Calcium content and contracture in isolated muscle of malignant hyperthermia in pigs

T. E. Nelson, A. B. Chausmer

Research output: Contribution to journalArticlepeer-review

Abstract

The effects of varying Ca++ concentration of the muscle bath on the total calcium content and contractility of malignant hyperthermia susceptible (MHS) and control pig muscle were measured. Muscle strips were incubated for 1 hr in Krebs-Ringer solutions containing 0, 0.5, 1, 2 and 2.5 mM Ca++, after which the total calcium content of each muscle strip was measured. Total magnesium and calcium content of MHS muscle was lower than control muscle at each Ca++ concentration tested. As Ca++ concentration of the bath was decreased from 2.5 to 0.5 mM, the calcium content of control muscle decreased proportionally. In contrast, only small changes in total calcium content of MHS muscle occurred as Ca++ concentration of the bath was varied. When the concentration of Ca++ was changed from 2.5 mM to a lower concentration, twitch tension of MHS muscle decayed in proportion to the Ca++ concentration of the bath. In contrast, only a small decay of twitch tension occurred in control muscle as Ca++ concentration was lowered. The abnormal contracture response of MHS muscle to 3% halothane decreased when the Ca++ concentration of the bath was below 1 mM and was essentially blocked when Ca++ was omitted from the bath. Contracture responses of MHS and control muscle to caffeine decreased with the Ca++ concentration of the bath. Contracture responses to lower caffeine doses (0.5-4 mM) were more affected by Ca++ concentration than were the contracture responses to higher (8-32 mM) caffeine doses. These observations are discussed in view of a thesis that the MHS muscle defect is associated with a Ca++ pool in muscle that is in equilibrium with the extracellular Ca++.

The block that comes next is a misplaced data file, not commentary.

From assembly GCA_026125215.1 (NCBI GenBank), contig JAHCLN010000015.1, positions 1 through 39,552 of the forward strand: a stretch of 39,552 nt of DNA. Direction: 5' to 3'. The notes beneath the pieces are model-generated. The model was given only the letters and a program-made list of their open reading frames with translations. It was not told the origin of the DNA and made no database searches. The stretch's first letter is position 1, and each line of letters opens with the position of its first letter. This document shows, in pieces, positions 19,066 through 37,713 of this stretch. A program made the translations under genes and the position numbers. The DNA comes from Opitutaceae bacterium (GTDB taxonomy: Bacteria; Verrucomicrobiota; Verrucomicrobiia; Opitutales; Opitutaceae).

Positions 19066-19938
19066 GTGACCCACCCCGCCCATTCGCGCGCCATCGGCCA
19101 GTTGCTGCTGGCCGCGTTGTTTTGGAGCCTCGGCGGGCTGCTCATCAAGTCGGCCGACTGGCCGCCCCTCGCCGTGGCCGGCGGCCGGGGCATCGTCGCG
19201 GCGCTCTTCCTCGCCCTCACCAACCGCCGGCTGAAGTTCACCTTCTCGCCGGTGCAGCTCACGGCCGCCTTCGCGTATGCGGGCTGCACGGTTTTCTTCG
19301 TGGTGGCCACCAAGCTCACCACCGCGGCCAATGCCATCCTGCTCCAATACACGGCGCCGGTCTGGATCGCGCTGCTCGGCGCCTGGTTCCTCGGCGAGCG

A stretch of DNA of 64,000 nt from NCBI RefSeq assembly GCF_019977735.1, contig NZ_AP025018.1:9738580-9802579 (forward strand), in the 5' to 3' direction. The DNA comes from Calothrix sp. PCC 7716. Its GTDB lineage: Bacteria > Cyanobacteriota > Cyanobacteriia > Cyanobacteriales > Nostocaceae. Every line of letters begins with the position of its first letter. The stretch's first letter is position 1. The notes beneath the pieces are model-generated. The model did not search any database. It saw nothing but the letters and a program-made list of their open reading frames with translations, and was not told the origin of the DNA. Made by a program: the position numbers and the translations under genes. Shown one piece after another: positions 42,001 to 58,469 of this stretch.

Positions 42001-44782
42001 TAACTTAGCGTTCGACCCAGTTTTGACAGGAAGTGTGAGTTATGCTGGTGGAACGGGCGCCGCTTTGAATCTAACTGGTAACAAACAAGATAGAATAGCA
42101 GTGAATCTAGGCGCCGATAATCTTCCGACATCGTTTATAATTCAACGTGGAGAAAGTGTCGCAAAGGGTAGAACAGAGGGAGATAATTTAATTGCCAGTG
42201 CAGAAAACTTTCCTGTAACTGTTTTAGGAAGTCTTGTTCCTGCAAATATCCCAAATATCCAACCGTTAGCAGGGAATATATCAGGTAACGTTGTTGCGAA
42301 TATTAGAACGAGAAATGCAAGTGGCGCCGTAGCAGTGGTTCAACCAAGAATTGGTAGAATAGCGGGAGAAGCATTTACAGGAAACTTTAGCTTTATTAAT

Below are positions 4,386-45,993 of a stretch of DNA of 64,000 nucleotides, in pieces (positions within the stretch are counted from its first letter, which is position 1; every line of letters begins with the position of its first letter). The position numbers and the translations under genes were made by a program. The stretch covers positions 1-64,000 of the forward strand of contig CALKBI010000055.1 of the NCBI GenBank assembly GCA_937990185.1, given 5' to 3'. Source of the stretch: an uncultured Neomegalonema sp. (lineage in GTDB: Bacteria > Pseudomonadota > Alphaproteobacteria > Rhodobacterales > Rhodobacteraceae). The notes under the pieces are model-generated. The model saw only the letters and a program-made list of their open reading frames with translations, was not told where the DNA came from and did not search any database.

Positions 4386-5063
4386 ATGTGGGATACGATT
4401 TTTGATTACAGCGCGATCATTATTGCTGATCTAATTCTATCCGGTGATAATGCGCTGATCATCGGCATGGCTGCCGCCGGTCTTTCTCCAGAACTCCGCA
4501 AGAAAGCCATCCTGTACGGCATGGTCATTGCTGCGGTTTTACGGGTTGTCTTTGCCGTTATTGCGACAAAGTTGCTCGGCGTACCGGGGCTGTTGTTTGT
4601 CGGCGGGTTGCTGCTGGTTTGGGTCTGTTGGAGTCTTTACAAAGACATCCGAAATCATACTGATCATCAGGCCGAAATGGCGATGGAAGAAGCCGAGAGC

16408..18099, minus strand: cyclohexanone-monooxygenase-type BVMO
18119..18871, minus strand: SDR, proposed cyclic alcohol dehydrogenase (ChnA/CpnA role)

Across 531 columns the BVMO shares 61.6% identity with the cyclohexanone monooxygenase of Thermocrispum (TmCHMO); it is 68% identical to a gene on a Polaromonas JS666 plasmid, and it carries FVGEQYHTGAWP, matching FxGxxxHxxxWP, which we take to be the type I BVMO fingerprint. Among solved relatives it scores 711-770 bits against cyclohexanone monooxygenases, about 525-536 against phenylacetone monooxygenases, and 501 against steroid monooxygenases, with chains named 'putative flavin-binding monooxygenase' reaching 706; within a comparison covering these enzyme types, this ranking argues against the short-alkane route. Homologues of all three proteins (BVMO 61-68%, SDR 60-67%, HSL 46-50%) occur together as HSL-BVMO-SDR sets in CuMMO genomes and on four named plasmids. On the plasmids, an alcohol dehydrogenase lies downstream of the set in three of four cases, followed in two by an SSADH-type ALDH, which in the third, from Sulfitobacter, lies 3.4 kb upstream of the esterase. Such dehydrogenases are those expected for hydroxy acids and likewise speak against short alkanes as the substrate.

Original languageEnglish (US)
Pages (from-to)107-111
Number of pages5
JournalJournal of Pharmacology and Experimental Therapeutics
Volume219
Issue number1
StatePublished - 1981

ASJC Scopus subject areas

  • Molecular Medicine
  • Pharmacology

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